1685: Rebecca Fowler, Chesapeake witch 1871: Eugen Kvaternik, for the Rakovica revolt

1796: Claude Javogues

October 10th, 2018 Headsman

French Revolutionary Claude Javogues was shot on this date in 1796.

The son of an ancien regime royal castellan, the barrister Javogues would have the opportunity in the revolutionary Convention to vote the death of the old man’s boss, and he did not miss his chance.

Pour préserver les âmes pusillanimes de l’amour de la tyrannie, je vote pour la mort dans les vingt-quatre heures. (“To preserve pusillanimous souls from the love of tyranny, I vote for death within twenty-four hours.”)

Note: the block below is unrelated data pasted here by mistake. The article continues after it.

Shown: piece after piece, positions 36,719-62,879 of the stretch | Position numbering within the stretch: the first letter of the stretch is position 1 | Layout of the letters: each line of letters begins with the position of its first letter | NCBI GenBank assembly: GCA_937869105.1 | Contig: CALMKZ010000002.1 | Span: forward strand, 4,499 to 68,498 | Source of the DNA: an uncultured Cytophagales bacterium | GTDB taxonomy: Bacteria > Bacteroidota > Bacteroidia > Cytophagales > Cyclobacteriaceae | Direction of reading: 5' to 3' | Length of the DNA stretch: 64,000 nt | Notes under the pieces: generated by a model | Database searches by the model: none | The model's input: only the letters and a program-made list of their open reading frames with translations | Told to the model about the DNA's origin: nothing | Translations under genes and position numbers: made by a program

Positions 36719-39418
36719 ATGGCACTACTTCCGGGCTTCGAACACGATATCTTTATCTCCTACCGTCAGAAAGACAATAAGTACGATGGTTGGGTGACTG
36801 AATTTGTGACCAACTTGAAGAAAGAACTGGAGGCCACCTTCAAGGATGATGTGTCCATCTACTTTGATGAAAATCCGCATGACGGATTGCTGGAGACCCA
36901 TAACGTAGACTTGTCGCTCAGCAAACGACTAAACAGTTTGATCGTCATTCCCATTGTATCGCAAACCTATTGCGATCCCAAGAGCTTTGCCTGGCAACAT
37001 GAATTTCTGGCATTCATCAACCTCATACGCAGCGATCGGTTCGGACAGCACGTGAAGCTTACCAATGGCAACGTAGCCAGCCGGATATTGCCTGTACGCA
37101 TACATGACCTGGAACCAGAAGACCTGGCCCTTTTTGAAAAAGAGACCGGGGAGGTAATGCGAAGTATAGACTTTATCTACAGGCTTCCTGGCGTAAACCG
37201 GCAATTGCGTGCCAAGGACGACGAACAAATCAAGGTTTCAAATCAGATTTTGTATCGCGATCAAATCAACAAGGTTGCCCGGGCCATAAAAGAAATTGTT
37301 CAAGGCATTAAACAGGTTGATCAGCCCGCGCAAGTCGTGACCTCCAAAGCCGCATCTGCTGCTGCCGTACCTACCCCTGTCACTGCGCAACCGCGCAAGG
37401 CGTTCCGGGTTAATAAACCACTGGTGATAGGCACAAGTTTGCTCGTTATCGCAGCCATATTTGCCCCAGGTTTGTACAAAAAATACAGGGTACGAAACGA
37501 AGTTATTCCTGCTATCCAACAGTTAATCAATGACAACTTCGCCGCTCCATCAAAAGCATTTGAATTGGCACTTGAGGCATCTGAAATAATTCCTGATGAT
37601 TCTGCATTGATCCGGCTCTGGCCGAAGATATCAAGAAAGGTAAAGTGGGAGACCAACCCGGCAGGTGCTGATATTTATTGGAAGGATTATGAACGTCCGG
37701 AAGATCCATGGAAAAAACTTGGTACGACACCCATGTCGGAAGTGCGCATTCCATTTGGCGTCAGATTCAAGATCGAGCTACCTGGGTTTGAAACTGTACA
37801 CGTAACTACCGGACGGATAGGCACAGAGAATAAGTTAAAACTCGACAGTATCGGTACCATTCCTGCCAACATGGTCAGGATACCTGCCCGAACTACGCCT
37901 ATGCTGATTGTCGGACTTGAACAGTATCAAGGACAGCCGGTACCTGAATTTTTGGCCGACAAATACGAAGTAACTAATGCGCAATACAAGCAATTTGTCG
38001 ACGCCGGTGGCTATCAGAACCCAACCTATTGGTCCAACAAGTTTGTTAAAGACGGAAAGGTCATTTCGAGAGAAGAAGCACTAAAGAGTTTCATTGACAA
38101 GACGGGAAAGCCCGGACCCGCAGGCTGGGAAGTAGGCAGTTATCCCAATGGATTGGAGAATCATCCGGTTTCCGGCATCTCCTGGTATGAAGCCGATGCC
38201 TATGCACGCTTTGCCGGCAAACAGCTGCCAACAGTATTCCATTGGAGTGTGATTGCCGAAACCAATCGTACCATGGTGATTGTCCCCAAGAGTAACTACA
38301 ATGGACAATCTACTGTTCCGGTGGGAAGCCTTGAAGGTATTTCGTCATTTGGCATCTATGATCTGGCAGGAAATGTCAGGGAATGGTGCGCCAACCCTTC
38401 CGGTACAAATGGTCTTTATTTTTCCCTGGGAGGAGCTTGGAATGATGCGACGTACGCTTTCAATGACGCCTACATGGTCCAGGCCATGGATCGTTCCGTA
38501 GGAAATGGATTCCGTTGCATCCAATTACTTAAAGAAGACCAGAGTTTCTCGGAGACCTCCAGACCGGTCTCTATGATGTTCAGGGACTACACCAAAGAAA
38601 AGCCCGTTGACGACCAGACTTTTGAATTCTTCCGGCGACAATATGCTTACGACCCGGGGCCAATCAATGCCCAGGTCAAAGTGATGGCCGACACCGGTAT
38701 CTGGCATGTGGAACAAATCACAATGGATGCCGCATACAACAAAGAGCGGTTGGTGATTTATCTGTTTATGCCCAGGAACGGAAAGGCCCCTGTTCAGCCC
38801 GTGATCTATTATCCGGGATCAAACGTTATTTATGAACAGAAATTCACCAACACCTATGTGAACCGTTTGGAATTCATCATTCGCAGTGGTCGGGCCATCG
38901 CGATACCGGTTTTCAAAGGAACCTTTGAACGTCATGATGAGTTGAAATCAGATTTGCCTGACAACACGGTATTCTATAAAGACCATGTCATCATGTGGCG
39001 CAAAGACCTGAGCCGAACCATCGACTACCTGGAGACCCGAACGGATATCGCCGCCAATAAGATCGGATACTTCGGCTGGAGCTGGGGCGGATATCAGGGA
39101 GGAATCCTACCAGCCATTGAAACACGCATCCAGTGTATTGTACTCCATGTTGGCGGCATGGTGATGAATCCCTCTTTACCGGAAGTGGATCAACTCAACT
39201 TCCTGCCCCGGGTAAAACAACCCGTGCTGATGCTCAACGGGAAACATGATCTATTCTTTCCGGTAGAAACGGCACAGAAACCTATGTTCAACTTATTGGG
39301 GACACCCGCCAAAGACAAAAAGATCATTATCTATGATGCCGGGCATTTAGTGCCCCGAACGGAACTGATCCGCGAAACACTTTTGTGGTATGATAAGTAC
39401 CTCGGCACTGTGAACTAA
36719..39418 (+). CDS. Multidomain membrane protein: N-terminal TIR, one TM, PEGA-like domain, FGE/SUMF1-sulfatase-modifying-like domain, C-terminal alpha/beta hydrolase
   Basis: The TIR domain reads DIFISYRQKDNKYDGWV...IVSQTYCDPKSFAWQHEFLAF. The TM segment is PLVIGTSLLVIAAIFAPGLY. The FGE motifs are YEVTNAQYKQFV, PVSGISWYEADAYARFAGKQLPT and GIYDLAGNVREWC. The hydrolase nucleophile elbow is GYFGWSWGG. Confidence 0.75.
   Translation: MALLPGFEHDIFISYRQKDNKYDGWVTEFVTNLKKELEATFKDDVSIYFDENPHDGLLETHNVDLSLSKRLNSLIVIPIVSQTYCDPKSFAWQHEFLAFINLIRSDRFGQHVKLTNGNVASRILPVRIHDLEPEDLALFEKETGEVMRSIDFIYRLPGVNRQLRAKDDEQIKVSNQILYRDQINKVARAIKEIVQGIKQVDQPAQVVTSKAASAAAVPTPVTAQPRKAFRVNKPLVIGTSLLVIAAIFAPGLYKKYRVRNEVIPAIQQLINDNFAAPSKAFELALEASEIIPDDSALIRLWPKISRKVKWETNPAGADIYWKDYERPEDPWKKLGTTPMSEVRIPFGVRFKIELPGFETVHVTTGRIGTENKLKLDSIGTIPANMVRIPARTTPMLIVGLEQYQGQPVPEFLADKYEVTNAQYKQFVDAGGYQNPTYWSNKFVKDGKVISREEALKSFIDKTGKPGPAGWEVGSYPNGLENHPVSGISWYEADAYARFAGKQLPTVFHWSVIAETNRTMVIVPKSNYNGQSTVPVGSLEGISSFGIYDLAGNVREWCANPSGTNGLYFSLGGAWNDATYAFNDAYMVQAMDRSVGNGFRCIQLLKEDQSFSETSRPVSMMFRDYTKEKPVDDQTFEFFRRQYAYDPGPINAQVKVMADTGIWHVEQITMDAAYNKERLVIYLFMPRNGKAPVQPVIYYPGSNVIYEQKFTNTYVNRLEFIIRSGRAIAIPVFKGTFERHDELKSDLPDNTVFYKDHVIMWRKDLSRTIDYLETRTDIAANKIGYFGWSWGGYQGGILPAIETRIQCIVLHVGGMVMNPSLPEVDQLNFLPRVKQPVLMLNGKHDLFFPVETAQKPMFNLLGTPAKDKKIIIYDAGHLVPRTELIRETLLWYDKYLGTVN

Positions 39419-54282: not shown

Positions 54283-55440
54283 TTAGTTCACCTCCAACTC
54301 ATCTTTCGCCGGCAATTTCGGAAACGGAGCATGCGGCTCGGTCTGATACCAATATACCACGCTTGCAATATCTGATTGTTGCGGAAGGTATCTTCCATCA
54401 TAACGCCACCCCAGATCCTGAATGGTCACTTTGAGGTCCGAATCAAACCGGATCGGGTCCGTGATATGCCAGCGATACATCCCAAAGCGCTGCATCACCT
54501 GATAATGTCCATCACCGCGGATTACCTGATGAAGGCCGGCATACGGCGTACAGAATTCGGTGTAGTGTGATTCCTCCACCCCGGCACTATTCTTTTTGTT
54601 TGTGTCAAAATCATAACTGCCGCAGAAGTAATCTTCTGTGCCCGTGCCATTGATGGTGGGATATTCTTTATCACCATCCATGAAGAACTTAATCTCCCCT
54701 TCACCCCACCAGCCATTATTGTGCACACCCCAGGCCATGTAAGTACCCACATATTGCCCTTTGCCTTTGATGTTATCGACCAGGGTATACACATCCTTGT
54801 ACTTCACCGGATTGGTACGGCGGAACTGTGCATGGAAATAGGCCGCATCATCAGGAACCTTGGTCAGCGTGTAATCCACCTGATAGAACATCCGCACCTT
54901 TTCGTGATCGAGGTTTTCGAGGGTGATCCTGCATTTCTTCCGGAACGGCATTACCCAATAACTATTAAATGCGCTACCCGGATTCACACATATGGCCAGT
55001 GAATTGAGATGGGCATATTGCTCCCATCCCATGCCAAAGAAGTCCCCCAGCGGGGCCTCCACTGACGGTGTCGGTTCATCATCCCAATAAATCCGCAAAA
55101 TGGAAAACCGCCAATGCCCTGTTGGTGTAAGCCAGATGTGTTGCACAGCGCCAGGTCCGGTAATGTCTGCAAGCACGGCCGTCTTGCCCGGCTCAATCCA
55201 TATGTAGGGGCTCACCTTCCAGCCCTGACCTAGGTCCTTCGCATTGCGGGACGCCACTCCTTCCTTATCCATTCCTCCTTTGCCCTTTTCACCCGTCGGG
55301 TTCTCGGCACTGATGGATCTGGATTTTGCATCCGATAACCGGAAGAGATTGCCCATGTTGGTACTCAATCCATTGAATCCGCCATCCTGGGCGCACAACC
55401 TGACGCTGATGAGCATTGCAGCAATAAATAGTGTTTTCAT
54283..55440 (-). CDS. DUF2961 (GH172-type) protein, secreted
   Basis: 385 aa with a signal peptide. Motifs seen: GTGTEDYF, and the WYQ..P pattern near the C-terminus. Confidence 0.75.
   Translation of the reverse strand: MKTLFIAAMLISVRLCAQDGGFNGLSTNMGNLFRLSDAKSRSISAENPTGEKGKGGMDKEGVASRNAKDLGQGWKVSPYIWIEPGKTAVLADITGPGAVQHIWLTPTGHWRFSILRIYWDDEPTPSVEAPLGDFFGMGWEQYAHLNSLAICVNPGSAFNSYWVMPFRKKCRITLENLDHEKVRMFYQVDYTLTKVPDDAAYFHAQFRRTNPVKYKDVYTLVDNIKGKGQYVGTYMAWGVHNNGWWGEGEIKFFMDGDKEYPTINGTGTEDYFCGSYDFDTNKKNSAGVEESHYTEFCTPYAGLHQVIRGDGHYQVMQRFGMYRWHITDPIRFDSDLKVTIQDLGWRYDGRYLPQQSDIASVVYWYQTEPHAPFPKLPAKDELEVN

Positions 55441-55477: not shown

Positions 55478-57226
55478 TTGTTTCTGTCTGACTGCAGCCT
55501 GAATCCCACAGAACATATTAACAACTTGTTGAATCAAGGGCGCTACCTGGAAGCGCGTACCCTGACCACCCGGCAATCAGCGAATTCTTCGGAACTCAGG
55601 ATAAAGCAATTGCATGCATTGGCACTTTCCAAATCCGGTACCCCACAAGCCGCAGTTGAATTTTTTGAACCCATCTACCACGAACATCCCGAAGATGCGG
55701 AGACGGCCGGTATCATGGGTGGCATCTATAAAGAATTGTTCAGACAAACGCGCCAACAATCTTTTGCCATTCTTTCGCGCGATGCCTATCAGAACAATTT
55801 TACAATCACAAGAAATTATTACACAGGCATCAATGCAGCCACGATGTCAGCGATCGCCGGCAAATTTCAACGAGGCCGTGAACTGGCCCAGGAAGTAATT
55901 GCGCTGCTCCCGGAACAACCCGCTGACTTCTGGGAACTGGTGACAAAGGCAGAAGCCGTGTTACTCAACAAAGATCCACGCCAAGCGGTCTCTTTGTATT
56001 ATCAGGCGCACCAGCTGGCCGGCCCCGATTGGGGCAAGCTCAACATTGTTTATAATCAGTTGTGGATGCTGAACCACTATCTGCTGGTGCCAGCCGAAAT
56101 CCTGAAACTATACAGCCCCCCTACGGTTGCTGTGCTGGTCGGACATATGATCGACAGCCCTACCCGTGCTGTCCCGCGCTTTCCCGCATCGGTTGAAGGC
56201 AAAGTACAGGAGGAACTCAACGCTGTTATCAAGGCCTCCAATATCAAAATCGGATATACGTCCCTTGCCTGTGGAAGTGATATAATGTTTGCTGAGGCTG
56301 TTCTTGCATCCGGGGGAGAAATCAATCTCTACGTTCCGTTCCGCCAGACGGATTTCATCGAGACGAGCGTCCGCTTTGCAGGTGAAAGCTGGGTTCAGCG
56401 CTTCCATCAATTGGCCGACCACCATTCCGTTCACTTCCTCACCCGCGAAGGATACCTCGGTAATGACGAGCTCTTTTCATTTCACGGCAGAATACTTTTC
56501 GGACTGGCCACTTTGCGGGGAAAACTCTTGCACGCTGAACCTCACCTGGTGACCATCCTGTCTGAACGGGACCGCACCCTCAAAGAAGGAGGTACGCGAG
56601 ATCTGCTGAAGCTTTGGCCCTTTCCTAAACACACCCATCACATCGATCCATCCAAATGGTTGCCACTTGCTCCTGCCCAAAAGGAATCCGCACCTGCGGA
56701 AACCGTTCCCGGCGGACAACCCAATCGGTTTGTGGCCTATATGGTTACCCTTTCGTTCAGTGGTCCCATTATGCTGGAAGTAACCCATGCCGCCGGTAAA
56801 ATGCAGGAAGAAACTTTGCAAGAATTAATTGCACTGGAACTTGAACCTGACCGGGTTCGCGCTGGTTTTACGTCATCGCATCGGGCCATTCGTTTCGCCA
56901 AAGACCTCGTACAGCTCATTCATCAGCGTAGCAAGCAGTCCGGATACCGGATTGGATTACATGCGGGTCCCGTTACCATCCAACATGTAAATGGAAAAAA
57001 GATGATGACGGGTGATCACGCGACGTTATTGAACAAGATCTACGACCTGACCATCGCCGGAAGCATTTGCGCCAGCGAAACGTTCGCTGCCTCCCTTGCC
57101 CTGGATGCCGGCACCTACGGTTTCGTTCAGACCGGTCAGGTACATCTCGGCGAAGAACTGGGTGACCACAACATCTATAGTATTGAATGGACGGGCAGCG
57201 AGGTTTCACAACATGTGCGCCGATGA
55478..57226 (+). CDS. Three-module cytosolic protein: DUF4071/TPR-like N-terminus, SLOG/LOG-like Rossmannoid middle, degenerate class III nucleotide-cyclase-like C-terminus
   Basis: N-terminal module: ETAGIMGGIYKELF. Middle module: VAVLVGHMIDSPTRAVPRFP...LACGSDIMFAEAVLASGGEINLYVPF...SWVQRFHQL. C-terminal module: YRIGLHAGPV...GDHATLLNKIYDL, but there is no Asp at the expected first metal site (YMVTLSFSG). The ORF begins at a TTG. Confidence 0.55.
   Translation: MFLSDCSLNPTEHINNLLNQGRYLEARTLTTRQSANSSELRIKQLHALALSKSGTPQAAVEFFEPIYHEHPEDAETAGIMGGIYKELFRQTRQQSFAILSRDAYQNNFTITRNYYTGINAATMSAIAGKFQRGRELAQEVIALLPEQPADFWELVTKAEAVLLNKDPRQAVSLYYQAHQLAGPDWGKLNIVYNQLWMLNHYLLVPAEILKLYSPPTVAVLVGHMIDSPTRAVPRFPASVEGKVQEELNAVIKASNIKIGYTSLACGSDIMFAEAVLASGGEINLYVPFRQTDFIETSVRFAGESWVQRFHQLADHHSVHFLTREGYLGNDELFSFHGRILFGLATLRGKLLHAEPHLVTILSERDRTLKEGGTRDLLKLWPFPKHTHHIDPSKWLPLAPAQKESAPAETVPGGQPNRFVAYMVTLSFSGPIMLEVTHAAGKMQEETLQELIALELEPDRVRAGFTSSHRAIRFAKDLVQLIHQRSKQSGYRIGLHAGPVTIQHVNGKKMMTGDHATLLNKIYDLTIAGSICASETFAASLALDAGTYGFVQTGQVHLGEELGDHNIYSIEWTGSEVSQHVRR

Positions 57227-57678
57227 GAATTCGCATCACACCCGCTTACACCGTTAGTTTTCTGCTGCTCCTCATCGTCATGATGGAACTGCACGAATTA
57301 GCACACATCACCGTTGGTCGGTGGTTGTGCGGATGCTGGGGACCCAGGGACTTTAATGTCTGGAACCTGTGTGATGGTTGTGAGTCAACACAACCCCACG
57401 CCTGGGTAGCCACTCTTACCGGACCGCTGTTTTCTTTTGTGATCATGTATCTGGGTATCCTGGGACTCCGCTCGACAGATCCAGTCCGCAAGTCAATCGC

The guy wasn’t above getting his own hands dirty in the bloody work of revolution, either, and ran his own local revolutionary terror in his home town of Feurs. (A Chapel of the Martyrs in Feurs pays homage to the 80 victims of Javogues’s Terror.) Even so, he had his own brush with the Committee of Public Safety and stood in some danger for a time of being one of the children devoured by the revolution.

Instead, it was the subsequent Thermidorean Reaction that did for Javogues when he was suspected of complicity in the radicals’ Conspiracy of Equals.

He had the distinction in parting to be shot by a firing detail commanded by one Leopold Hugo — eventually (come 1802) the father of one Victor Hugo.

On this day..

Entry Filed under: 18th Century,Capital Punishment,Death Penalty,Execution,France,History,Politicians,Power,Revolutionaries,Shot

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